Turkey took another step to boost consumption and its lira by extending yesterday the deadline for tax cuts on cars and other goods, and raising the withholding tax on some foreign currency deposits.
Ankara had imposed the tax cuts on goods last year to help tame inflation, which hit a 15-year peak in October and has since eased a bit to settle around 20%.
Tax cuts on cars, commercial vehicles and home appliances were extended until June 30, while those on furniture, housing and title deed fees will remain in effect until December 31, an update to the country’s Official Gazette showed.
Previously the tax cuts on all these items were due to end on March 31, the date set for nationwide local elections.
The extension of tax cuts will trim 9bn lira ($1.65bn) from government revenues, a Turkish economy official said yesterday, adding its impact “can be overlooked” given the expected boost to consumption and the overall economy. The move should postpone a rise in inflation when taxes return to previous levels and could give leeway to the central bank, which is expected to cut interest rates later this year.
“Although our year-end inflation expectation is unchanged, with the impact of continued tax cuts, the price hikes will be postponed until after June,” said Deniz Cicek, economist at QNB Finansbank.
Inflation is expected to fall to around 15% by the end of this year, according to the median forecast of a Reuters poll of 15 economists.
Markets expect the central bank to start cutting rates, currently at 24%, around mid year.
“We see this as a measure that will make it easier for the central bank to cut rates at the MPC meeting in June,” added Cicek.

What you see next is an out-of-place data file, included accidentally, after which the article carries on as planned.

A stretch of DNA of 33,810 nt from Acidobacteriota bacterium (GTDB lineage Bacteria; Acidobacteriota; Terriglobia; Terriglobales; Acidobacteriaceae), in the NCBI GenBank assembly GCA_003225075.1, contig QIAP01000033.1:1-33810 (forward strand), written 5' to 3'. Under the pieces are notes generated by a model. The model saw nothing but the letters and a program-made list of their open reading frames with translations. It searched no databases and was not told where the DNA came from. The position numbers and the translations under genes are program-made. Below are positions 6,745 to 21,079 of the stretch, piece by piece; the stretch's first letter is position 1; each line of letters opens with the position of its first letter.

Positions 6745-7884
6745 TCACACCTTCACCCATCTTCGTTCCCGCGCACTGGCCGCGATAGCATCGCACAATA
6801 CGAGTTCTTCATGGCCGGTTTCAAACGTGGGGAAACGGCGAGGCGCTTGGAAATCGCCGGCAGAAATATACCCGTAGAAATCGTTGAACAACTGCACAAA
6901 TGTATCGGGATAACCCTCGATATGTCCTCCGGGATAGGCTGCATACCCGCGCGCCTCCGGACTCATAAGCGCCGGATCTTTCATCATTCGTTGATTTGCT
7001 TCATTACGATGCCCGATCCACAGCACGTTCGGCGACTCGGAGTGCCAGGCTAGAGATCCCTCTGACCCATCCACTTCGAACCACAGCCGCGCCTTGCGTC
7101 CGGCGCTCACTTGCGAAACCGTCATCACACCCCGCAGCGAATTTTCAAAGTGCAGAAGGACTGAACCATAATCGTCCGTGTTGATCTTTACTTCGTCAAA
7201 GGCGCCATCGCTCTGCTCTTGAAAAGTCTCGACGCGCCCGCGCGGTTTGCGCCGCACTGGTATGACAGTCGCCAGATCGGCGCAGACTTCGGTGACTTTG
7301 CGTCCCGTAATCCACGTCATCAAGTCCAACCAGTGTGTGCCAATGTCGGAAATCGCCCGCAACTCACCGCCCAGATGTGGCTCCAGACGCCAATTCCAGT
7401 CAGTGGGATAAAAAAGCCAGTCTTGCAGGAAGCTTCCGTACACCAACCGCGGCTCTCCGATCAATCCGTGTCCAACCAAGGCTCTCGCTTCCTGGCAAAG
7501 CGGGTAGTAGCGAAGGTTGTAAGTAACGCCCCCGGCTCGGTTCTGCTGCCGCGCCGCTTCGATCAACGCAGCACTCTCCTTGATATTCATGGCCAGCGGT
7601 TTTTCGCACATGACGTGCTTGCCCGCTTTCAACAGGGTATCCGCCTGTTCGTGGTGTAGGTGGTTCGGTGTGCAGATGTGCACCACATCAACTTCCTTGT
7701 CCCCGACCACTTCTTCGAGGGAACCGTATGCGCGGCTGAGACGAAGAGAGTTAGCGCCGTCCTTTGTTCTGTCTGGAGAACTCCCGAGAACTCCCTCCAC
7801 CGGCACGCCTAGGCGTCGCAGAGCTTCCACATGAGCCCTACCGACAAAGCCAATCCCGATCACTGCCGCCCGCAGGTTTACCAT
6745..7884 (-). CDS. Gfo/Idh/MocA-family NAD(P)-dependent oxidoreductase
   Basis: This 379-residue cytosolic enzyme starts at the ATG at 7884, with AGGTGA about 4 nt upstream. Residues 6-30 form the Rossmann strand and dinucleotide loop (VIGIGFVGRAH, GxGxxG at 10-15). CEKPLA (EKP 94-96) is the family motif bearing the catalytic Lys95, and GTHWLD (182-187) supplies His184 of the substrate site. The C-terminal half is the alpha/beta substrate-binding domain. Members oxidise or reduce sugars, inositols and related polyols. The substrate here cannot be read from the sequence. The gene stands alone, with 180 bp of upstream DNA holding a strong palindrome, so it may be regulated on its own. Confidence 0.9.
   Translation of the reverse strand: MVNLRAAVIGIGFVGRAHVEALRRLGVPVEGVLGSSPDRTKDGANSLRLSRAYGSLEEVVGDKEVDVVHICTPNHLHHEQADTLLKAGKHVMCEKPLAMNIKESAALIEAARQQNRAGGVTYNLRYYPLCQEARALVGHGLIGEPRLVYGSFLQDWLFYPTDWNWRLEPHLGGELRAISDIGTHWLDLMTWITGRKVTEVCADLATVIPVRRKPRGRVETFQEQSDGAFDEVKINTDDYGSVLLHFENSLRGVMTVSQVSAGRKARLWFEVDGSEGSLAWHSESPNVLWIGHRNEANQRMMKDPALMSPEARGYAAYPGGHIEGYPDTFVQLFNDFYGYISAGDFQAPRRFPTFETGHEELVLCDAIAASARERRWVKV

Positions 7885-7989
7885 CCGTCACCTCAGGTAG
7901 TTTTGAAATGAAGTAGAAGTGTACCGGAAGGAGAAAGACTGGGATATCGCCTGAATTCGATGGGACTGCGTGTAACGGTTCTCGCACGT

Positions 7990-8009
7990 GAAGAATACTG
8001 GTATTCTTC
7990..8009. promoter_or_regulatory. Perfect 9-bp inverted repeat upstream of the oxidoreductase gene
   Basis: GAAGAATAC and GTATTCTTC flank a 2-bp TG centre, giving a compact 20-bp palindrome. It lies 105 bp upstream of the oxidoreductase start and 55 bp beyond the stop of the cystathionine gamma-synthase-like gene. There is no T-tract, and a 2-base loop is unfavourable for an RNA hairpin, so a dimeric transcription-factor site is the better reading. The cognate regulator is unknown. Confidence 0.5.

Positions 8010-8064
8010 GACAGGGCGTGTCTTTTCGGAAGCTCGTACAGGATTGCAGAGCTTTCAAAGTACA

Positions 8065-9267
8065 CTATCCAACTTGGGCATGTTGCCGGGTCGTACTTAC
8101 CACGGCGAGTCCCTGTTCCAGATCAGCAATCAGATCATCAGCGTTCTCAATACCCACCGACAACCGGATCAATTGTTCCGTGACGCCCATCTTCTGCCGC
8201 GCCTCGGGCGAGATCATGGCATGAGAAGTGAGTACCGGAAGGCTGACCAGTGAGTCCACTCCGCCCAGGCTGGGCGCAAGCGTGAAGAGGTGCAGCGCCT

Separately, the withholding tax on foreign currency time deposits of between six months and one year was raised to 20% from 16%, the gazette showed.
The withholding tax on foreign currency time deposits of more than a year was raised to 18%, from 13%.
Forex held by Turkish local individuals hit a record high in the week to March 15, data from the central bank showed yesterday.
For institutions and individuals combined, the total forex deposits and funds including precious metals hit another record high to stand at $175.8bn, the data showed.
Consumer confidence stood at 59.4 points in March, official data also showed yesterday, recovering some ground since the index hit a near 10-year low in October.
Foreign currency deposits in Turkey’s banking sector account for more than 50% of all deposits, which could put pressure on banks if another shock triggers a withdrawal of forex deposits.
Ankara also set the withholding tax on interest from bonds issued abroad by legally obligated institution at 7% for bonds with a maturity of up to one year, 3% for a maturity between one and three years and zero percent with a maturity of more than three years, according to the gazette.
Last year’s crisis saw the lira lose nearly 30% against the dollar, prompting an economic contraction in the fourth quarter.
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